Can You Put Gas Drops In Baby’s Bottle?

  • By: The DIG for Kids
  • Time to read: 5 min.
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Read this article to learn whether you can use gas drops in your baby’s bottle and other tips for breaking up gas. 

Can you put gas drops in bottle to relieve the gas your baby is experiencing? You can put gas drops in a baby’s bottle, as stated by the American Academy of Pediatrics. Most brands allow for up to 12 drops per day, but you should check the label before deciding what douse to give your baby.

Some babies experience more gas for a variety of reasons. One reason is that they have colic symptoms which don’t necessarily cause more gas in their system but can cause them to cry more, resulting in them swallowing more air. Consuming air can cause gas bubbles in their stomach that causes discomfort.

Adding some gas drops to your baby’s bottle could be a way of helping to break up the gas bubbles in their stomach and relieve some of the discomfort. However, gas drops tend to be one of the more expensive ways of getting rid of gas. There are other ways to help with gas, but if you find that gas persists, you should console your doctor. 

What Do Gas Drops Do?

Gas drops are a medical treatment that has simethicone. Simethicone is an ingredient that breaks up gas bubbles and is in gas drops like Little Tummys Gas Relief Drops and Mylicon. Gas drops are safe to use in a baby’s bottle unless they take thyroid hormone medications.

Gas drops typically work very quickly and help babies expel gas naturally without the simethicone staying in their system. Unlike other drugs that work by the digestive system absorbing the medication, this is unlike other drugs that absorb the medicine. You should use gas drops after a feeding to help with any gas bubbles, but you should check the label to ensure you use the product correctly. 

You should consider using gas drops when your infant is experiencing pain or discomfort. It can be challenging to know when that is the case, so you may need to look for signs that your baby is crying or fussing after feeding and if so, try the drops to see if it helps. There is no harm to trying the drops for a bit.

Can You Put Gas Drops in a Bottle?

You can mix gas drops with water, formula, or breast milk before giving it to your baby. Combining the drops with some other liquid could help your baby take the drops as they are unlikely to notice them. Ensure that you are using the mixture right away, as some gas drops will not keep well overnight.

It can be challenging to give drops to your newborn or any child since they are likely to fuss and reaction poorly to taking any medicine. However, mixing the gas drops with some water for babies over six months or in formula or breast milk can make it much easier to get them to take the drops, and it can also help cover up any unwanted taste.

Note that you should refrain from shaking the bottle too much after putting the gas drops in as this can cause air bubbles which will cause more gas other than preventing it. A couple of shakes or a quick stir should be enough to mix the drops in without causing air bubbles. 

Other Ways of Breaking Up Gas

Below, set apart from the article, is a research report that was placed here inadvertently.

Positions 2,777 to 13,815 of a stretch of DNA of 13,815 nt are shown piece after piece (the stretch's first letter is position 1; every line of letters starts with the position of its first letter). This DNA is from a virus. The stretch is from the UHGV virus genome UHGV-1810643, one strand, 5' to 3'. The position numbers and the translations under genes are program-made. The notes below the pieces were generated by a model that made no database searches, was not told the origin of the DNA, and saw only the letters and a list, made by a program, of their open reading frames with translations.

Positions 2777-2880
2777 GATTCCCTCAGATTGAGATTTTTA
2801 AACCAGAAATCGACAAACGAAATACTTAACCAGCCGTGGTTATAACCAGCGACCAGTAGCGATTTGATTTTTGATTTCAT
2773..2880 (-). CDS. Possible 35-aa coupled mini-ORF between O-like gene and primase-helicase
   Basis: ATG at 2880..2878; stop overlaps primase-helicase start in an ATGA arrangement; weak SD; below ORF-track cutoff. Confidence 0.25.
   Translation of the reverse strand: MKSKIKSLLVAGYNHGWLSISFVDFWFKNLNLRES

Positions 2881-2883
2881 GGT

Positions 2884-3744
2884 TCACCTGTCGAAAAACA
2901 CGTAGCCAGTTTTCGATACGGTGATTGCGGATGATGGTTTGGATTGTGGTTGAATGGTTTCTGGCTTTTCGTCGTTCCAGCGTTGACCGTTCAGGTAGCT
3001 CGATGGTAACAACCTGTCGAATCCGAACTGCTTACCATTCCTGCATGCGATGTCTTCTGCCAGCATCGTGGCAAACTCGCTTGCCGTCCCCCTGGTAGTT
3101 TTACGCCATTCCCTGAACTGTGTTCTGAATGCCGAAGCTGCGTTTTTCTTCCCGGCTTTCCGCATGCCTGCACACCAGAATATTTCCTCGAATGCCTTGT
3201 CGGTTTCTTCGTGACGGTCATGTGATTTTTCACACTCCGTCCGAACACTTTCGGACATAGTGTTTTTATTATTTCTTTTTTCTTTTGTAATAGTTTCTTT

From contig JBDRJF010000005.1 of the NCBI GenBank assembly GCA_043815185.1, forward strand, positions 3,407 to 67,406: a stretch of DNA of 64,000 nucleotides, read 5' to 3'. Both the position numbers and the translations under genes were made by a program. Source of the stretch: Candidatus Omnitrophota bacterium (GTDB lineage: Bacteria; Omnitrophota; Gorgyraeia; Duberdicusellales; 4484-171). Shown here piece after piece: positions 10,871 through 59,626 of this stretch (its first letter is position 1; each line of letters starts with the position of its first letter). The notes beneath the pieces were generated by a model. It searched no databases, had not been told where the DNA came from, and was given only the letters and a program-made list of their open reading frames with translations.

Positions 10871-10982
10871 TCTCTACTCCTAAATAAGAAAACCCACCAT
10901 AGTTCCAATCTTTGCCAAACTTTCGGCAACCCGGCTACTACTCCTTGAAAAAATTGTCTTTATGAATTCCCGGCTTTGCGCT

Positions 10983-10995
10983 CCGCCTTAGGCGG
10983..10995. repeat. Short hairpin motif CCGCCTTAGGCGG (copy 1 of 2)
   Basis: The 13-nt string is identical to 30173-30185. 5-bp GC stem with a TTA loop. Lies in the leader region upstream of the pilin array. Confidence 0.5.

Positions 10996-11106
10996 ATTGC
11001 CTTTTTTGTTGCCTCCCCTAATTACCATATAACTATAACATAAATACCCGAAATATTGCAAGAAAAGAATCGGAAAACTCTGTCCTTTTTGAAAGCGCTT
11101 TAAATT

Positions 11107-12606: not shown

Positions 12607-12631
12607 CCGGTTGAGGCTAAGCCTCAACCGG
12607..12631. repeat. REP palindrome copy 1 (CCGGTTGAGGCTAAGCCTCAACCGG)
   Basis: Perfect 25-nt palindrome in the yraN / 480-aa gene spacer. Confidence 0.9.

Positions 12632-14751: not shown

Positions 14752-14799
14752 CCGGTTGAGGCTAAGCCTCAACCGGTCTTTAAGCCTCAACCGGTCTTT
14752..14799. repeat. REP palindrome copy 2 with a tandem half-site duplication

Gas drops are one of the more expensive options for breaking up gas bubbles. 30mL of gas drops costs about $12, and you should give them to your baby are many as 12 times per day. There are plenty of other methods you can try that cost less or nothing that will have a similar effect.

Some of the other tactics you can try are:

  1. Find which foods are causing gas. Some foods cause more issues with gas than others and even if your infant isn’t eating any solids yet, check which foods are in the breastfeeding mom’s diet. 
  2. Use a formula that doesn’t need mixing. Shaking or mixing your formula before giving it to your baby can introduce air bubbles that later go into your baby’s stomach and cause gas bubbles. Try using concentrated or ready-to-feed formulas instead of the power.
  3. Slow how fast your baby is drinking. It may be that your infant is drinking too quickly that they swallow air. Try experimenting with different bottles and nipples to see which ones will encourage your baby to drink slower. Vented, angled, and collapsible bottles keep babies from swallowing air.
  4. Try burping your baby during each feeding. Some babies don’t like the interruption, but stopping to burp them during feeding can help get rid of air before it settles. A good burping after feeding is always a good idea too.
  5. Get rid of gas with tummy time. There are other ways to get rid of gas besides burping. Tummy time puts pressure on any gas which will get in out of your infant’s system. You can also lay them on their back and move their legs in a bicycle motion to move gas out. 

Ensure that you are looking up burping techniques so you can adequately help your baby deal with gas. You should also look at what foods can cause gas in both the breastfeeding mother and the baby to determine whether there is something in their diets causing more gas than usual. 

Some of the more common foods that cause gas are:

  • Milk
  • Cheese
  • Yogurt
  • Pudding
  • Ice cream
  • Products with milk, casein, whey, or sodium
  • Wheat
  • Corn
  • Fish
  • Eggs
  • Peanuts

This list should give you a place to start figuring out whether the diet has something to do with the gas. Don’t feel like you have to give up everything on this list at once, and try taking away one or two and seeing whether there is a positive result. 

Conclusion

Gas drops are safe to put in your baby’s bottle, and it can be better to mix them with water or formula since babies are more likely to drink from their bottle than sit still while you give them the drops directly. However, it is a more expensive option, and you may be able to use burping techniques and other remedies to get the same effect.

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